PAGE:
Once April arrives, nature has usually gone from teasing us with hints of spring to exulting us with actual evidence of the season’s arrival. Flowers and trees are blooming, birds are chirping and the markets showcase the season’s glorious harvest. Anytime a recipe includes the word “primavera” (from the Italian and Spanish “spring”) in its title, you can be assured that its ingredients and flavors will hint of spring. This Pasta Primavera is such a dish, including, among other vegetables, two of spring’s greatest offerings—asparagus and snap peas.
Garlic may be one of the oldest medicinal foods on the planet. Thought to prevent blood clots and decrease the risk of colon and other cancers, garlic has important anti-oxidant properties. Garlic’s benefits have been documented in many studies, but it has many culinary advantages as well. It enhances other seasonings and flavors when used in dishes like this one.
All of the vegetables in this recipe are low in calories and high in nutrients. Asparagus contains calcium, potassium, beta carotene and vitamins A and B; it is also high in fiber and extremely low in calories. Similarly, snap peas and green beans have lots of minerals and vitamins. When very fresh, they are delicious raw. When cooked, they’re best steamed or boiled very lightly to preserve their crispness and nutritious value.
Pasta Primavera - Makes 6 servings.
2 Tbsp. extra virgin olive oil
6 garlic cloves, finely minced
3 medium ripe tomatoes, seeded and chopped
1/4 cup fat-free, reduced-sodium chicken or vegetable broth
1/2 cup slivered fresh basil leaves
1 small red onion, sliced thin
1 lb. fresh snap peas, halved diagonally, or 1 package (10 oz.) frozen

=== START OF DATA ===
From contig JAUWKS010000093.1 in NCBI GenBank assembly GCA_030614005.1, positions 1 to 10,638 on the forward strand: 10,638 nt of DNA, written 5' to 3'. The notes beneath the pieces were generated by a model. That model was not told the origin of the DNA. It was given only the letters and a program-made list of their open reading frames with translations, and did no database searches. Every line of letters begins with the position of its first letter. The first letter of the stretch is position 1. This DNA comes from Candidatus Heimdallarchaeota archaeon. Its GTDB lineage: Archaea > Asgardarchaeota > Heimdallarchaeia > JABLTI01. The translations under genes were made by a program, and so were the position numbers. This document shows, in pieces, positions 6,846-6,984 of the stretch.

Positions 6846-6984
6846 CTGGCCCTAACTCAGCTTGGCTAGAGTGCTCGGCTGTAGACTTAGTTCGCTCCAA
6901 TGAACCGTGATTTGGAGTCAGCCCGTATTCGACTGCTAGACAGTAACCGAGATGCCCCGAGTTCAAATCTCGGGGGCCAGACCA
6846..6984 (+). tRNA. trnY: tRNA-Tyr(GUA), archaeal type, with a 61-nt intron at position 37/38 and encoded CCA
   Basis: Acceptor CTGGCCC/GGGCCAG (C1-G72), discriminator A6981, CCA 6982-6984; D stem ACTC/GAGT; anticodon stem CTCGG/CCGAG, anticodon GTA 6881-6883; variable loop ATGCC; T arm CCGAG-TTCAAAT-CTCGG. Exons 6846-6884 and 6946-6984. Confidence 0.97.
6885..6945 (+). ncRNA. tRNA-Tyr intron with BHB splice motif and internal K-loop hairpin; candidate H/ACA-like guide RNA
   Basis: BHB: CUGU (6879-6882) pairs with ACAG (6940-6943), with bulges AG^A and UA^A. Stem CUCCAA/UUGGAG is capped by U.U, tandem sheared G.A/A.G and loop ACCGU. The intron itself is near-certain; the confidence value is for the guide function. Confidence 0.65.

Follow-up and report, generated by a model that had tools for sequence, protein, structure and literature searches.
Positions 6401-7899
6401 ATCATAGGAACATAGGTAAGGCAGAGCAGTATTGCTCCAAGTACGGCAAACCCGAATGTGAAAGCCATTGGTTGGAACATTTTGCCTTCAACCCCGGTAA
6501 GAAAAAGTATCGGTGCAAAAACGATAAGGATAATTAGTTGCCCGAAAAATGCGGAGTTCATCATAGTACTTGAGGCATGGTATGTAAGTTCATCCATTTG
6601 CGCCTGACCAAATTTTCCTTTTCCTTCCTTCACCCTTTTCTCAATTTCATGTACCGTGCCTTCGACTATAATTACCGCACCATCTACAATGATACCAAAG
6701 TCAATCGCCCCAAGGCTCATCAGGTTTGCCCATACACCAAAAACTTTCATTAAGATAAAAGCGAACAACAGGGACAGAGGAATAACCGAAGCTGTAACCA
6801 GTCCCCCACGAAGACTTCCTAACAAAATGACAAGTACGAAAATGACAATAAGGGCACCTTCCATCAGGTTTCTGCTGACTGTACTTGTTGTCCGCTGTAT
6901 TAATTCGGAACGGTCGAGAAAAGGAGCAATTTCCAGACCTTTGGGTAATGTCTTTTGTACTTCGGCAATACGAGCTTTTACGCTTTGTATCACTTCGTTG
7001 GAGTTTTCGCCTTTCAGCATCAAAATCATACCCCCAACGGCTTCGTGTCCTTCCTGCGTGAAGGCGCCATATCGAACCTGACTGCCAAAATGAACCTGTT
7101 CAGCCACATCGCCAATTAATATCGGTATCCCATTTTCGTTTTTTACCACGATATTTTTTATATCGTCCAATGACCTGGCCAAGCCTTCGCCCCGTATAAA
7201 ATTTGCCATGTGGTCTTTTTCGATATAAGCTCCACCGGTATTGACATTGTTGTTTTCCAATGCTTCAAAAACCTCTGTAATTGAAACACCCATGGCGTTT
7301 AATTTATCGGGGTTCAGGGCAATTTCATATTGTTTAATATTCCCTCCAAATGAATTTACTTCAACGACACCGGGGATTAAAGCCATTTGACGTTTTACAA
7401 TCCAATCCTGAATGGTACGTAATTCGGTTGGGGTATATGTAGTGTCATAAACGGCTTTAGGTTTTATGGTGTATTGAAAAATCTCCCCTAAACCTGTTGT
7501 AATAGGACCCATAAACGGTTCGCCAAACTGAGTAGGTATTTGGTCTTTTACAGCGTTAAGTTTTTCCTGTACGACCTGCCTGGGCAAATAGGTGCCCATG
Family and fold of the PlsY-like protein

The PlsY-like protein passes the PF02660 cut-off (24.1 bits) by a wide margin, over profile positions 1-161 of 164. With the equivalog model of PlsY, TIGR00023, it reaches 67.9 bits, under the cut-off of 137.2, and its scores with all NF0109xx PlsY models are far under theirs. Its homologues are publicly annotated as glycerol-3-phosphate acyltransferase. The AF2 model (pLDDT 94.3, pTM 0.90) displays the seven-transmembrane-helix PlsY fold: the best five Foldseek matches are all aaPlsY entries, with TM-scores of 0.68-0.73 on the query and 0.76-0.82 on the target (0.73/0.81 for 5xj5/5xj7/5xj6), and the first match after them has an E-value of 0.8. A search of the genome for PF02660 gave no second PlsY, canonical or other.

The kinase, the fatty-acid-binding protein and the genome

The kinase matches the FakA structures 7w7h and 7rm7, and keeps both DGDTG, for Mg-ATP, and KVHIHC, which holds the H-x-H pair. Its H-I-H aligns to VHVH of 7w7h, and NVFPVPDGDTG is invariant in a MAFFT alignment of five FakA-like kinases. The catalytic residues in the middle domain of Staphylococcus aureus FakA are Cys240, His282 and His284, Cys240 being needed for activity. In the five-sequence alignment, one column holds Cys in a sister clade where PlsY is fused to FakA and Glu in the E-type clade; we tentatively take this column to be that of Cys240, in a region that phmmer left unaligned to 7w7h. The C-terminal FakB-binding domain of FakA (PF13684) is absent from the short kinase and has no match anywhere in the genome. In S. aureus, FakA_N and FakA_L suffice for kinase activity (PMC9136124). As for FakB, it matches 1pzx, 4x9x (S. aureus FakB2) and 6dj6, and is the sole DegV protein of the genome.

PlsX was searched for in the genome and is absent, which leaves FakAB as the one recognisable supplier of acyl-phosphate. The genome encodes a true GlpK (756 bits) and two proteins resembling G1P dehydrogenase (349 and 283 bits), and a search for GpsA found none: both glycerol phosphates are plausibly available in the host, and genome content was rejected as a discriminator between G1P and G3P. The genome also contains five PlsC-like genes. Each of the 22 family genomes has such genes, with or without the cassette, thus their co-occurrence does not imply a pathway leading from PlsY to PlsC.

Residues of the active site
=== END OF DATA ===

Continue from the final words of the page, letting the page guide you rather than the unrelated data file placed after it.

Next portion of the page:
1/2 lb. asparagus, cut into 2-inch lengths
1 red bell pepper, seeded and diced
1 cup diced yellow squash
1 cup green beans cut diagonally in half
3/4 lb. whole-grain pasta
1/4 cup grated Parmesan cheese, divided
Heat oil in a saucepan over medium heat until hot. Add garlic and saute until golden, about 2 minutes. Add tomatoes and broth and cook over medium heat, about 5 minutes. Add basil and red onion, cover and remove from heat.
Meanwhile, fill a pot large enough to hold all the vegetables with water and bring to a boil over high heat. Add vegetables and cook 1 minute. With a slotted spoon, transfer vegetables to a colander. Use the cooking water to cook the pasta according to package directions.
While pasta cooks, briefly rinse the vegetables with cold water, drain and add to the pan containing the tomato mixture. Add salt and pepper to taste. Cover and put aside.
Drain cooked pasta and transfer to a large serving bowl. Toss pasta with 3 tablespoons of Parmesan, then stir in the vegetable mixture. Sprinkle remaining cheese on top and serve.
Per serving: 326 calories, 7 g. total fat (1 g. saturated fat), 57 g. carbohydrate, 14 g. protein, 12 g. dietary fiber, 101 mg. sodium.
AICR’s Nutrition Hotline is a free service that allows you to ask a registered dietitian questions about diet, nutrition and cancer. Access it on-line at www.aicr.org/hotline or by phone (1-800-843-8114) 9 a.m. to 5 p.m. ET Monday-Friday. AICR is the only major cancer charity focused exclusively on the link between diet, nutrition and cancer. It provides education programs that help Americans learn to make changes for lower cancer risk. AICR also supports innovative research in cancer prevention and treatment at universities, hospitals and research centers. It has provided more than $86 million for research in diet, nutrition and cancer. AICR’s Web address is www.aicr.org.
Article Source: Aicr.org
Article Posted: April 16, 2007